One of the demands put up part of their negotiations by the Labaikis was the release of Padeophiles belonging to them. It is regretfully noted that most of cases of rape and murder of women children take place in the largest populated province of the country where police is supposed to have rendered Punjab into a police state. The murder of a senior police officer is nothing but a sad reflection on the performance of the police.
In the post 9-11 Pakistan’s main problem was terrorist infiltration. Hordes of armed Taliban were running riot in the country. Their ingress in the Northern areas spread like invasion of locust. And it was shocking to know that Mullah Fazle Haq better known as Mulla Radio seemed to have a blank cheque from dictator General Pervez Musharraf who allowed him to violate brutally the writ of the
State to the extent his Jihadi warriors were 80 miles away from entering the Federal Capital short of capturing it. It was just then democratic Government took over and ordered the then Army chief General Ashfaq Pervez Kayani to stop them and have their areas that had seeen mass exodus of local population, to be forcibly evicted by the terrorists.
President General Pervez Musharraf, as confessed by him repeatedly, used these hordes of terrorists for cross border intrusions into India and Kashmir. The key instruments in this operation were Hafiz Saeed and his JuD, Maulana Masood Azhar of JeM and several other groups declared internationalist terrorists. Hafiz Saeed was singled out by the Americans and the Indians as the mastermind behind Mumbai carnage of 2008. Only recently Hafiz Saeed has been sentenced by the ATC to 11 years for money laundering.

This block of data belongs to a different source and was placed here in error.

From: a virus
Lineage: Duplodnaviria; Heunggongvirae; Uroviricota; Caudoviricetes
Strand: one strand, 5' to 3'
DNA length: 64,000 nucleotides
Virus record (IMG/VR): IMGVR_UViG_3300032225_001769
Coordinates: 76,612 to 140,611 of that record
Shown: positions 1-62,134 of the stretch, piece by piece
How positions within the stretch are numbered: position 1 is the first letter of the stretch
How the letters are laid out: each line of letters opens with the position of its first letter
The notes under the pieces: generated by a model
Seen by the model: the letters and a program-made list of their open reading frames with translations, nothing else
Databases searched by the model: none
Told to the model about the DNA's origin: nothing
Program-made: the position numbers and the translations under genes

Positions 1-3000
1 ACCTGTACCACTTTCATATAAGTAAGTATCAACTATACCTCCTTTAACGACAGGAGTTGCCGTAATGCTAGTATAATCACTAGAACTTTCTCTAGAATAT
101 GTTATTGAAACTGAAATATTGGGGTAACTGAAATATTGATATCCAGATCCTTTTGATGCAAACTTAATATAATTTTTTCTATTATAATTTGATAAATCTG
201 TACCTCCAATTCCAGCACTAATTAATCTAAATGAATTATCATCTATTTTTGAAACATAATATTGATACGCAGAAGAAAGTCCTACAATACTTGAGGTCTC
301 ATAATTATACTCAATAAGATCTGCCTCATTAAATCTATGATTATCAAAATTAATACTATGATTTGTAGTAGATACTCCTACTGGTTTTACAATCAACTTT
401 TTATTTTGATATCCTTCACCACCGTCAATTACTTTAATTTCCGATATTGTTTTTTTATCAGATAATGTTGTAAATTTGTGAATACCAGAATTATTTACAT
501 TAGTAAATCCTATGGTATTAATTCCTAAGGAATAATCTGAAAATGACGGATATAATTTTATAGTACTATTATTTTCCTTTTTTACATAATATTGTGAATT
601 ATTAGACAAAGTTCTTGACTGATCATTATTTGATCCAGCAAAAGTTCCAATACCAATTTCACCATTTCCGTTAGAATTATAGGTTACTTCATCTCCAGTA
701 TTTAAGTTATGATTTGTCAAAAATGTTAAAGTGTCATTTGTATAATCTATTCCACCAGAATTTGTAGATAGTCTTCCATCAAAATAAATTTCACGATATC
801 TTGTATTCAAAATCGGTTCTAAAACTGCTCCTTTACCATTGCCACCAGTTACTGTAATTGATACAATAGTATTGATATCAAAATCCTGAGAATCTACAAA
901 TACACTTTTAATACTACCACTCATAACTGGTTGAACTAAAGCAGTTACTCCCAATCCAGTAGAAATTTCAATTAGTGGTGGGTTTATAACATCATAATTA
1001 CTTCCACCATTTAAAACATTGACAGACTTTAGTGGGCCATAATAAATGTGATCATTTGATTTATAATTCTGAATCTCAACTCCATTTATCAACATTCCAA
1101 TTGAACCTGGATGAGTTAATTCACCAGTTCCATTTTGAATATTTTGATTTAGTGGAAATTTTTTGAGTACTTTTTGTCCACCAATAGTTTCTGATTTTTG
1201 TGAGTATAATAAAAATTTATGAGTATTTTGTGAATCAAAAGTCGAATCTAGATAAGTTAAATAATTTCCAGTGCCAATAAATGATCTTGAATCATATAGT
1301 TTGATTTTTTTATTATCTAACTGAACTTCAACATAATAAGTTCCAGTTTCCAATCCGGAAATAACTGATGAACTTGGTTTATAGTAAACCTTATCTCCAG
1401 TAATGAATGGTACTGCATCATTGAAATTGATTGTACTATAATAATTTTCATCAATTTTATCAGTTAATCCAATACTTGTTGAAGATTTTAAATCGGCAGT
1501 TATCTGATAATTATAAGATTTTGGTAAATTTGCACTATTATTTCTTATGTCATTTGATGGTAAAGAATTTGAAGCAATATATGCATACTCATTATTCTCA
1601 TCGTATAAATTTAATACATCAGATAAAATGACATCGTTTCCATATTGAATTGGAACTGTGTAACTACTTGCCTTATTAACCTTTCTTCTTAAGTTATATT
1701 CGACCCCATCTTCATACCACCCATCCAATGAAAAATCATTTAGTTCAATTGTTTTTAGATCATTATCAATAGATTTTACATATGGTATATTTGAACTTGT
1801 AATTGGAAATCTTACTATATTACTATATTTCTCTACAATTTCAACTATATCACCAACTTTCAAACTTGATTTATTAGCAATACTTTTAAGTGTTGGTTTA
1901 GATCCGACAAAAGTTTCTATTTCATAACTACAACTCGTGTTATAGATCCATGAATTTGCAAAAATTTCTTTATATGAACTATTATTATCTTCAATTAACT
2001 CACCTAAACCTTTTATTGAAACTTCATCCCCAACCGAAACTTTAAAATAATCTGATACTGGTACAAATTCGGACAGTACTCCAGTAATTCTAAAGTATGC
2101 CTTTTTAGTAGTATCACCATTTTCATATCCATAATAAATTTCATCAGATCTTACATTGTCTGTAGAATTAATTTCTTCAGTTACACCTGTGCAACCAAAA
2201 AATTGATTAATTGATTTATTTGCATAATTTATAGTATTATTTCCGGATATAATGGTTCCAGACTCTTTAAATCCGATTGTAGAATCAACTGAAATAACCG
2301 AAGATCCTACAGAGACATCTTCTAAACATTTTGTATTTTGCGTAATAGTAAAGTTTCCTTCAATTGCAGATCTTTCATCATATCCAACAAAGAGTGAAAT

Surprising has been the story that has followed Hafiz Saeed’s conviction, the JeM chief Azhar Masood who was listed as a designated terrorist by UNSC1267 Committee on May 1, 2019 has been found missing with his family members much like killer Ehsanullah Ehsan of APC mayhem. Pakistan has accordingly informed global terror financing watchdog Financial Action Task Force (FATF) that Masood Azhar, founder of terror outfit Jaish-e-Mohammad (JeM) has disappeared. Azhar was listed as a designated terrorist by the United Nations Security Council 1267 Committee on May 1, 2019.
Independent analysts believe that conviction of Hafiz Saeed is to influence the FATF that is presently reviewing Pakistan’s case to see if it fulfills the global standards criteria to combat terror financing. However, American official spokesperson Allice Wells has welcomed the conviction. The FATF is an inter-governmental body established in 1989 to combat money laundering, terrorist financing and the FATF is presently reviewing Pakistan’s case to see if it fulfills the global standards criteria to combat terror financing.
It is indeed, unfortunate that despite best efforts of Pakistan to combat terrorism, its western friends continue to see it as part of the continuing game of running with the hare and hunting with the hounds, that is, keeping itself at best of terms with both.
(Author is former High Commissioner of Pakistan to UK and a veteran journalist.)